FILE PHOTO: The Pfizer logo is seen at their world headquarters in Manhattan, New York, U.S., August 1, 2016.  REUTERS/Andrew Kelly/File Photo


Pfizer fell as much as 6% on Tuesday after its recent deal with Mylan prompted a handful of banks to downgrade the stock.

Several Wall Street analysts noted that the company’s decision to merge Upjohn — Pfizer’s off-patent drug business — with Mylan may weaken earnings expectations. The spin-off was announced July 29 after Mylan agreed to the deal in its second-quarter earnings report.

The announcement sent Mylan stock up as much as 19% on Monday, with Pfizer shares slipping about 4%.

Pfizer will continue to include Upjohn in its earnings reports until the deal closes in 2020.

Here’s what three Wall Street firms had to say about what the deal means for Pfizer going forward.

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Bank of America Merrill Lynch downgrades to “neutral”

Bank of America Merrill Lynch downgraded the company to “neutral” from “buy” and shifted its price target to $41 per share.

Pfizer’s valuation now depends on its innovation business RemainCo, which sees “dilution worse than expected,” according to a BAML note. The note also said Pfizer’s valuation of Upjohn “comes with a disproportionate loss of profit” for the company.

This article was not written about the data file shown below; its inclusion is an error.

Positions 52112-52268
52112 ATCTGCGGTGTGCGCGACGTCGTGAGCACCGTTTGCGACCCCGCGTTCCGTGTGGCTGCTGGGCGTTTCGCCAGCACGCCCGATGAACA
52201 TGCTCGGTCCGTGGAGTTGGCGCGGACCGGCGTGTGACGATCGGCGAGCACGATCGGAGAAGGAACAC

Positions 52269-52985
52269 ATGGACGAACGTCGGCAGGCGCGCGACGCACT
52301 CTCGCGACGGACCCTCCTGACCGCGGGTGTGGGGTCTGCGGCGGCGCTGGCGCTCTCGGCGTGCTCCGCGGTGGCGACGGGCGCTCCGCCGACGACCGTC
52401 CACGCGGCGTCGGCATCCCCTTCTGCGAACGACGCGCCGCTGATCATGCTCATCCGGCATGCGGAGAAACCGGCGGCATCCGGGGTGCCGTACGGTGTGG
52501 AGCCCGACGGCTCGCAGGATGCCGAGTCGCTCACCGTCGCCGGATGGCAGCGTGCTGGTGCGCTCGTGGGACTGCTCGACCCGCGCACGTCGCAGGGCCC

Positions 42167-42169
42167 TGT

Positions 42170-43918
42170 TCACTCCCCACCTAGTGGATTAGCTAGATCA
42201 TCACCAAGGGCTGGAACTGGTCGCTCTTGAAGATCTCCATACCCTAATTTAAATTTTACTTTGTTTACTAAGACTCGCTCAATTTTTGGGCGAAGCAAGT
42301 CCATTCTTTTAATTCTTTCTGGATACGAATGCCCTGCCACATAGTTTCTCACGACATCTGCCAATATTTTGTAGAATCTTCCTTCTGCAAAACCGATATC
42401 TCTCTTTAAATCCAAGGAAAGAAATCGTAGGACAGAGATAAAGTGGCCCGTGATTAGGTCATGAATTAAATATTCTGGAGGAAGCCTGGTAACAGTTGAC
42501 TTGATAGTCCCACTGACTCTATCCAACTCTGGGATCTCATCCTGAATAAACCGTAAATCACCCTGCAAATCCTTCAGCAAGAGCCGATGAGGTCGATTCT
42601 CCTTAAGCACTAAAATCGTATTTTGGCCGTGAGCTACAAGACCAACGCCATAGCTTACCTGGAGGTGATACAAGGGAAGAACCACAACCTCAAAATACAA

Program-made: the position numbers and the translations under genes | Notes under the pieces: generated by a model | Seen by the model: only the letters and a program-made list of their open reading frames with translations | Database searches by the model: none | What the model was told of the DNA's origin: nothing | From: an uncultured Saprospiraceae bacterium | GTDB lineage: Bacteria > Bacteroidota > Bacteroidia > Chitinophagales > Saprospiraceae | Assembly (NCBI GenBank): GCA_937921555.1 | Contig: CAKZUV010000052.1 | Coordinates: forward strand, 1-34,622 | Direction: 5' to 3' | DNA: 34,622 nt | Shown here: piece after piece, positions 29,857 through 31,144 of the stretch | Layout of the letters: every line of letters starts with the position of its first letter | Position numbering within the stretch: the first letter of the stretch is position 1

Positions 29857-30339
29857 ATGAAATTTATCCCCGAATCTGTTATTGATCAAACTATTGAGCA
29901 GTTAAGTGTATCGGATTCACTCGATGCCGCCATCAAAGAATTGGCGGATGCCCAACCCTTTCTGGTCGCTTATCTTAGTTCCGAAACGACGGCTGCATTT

Now that Pfizer relies on RemainCo for a greater proportion of its revenue stream, BAML is “skeptical” the business can bring enough profitability to justify an overall “buy” rating.

Morgan Stanley downgrades to “equal-weight”

Morgan Stanley downgraded the company to “equal-weight” from “overweight” and moved its price target to $40 from $48.

The merger “exposes lower-than-expected earnings” for both Upjohn and RemainCo, Morgan Stanley analysts said. The bank anticipates 15% lower earnings per share in 2020, citing increased regulatory pressure, lower margins for RemainCo, and weaker Upjohn revenue.

UBS still weighing deal’s impact on Pfizer rating

UBS held a “neutral” rating for Pfizer shares with a price target of $43 before news of the spin-off. The bank continues to review the deal’s specifics and has not yet announced its post-merger outlook.

Pfizer’s split with Upjohn may be two-to-three years too late, as off-patent drug business has only continued to contract, a UBS analyst note said. The deal’s first impression “does not suggest much to be excited about,” the bank added, with weakness expected to continue beyond Tuesday’s stock drop.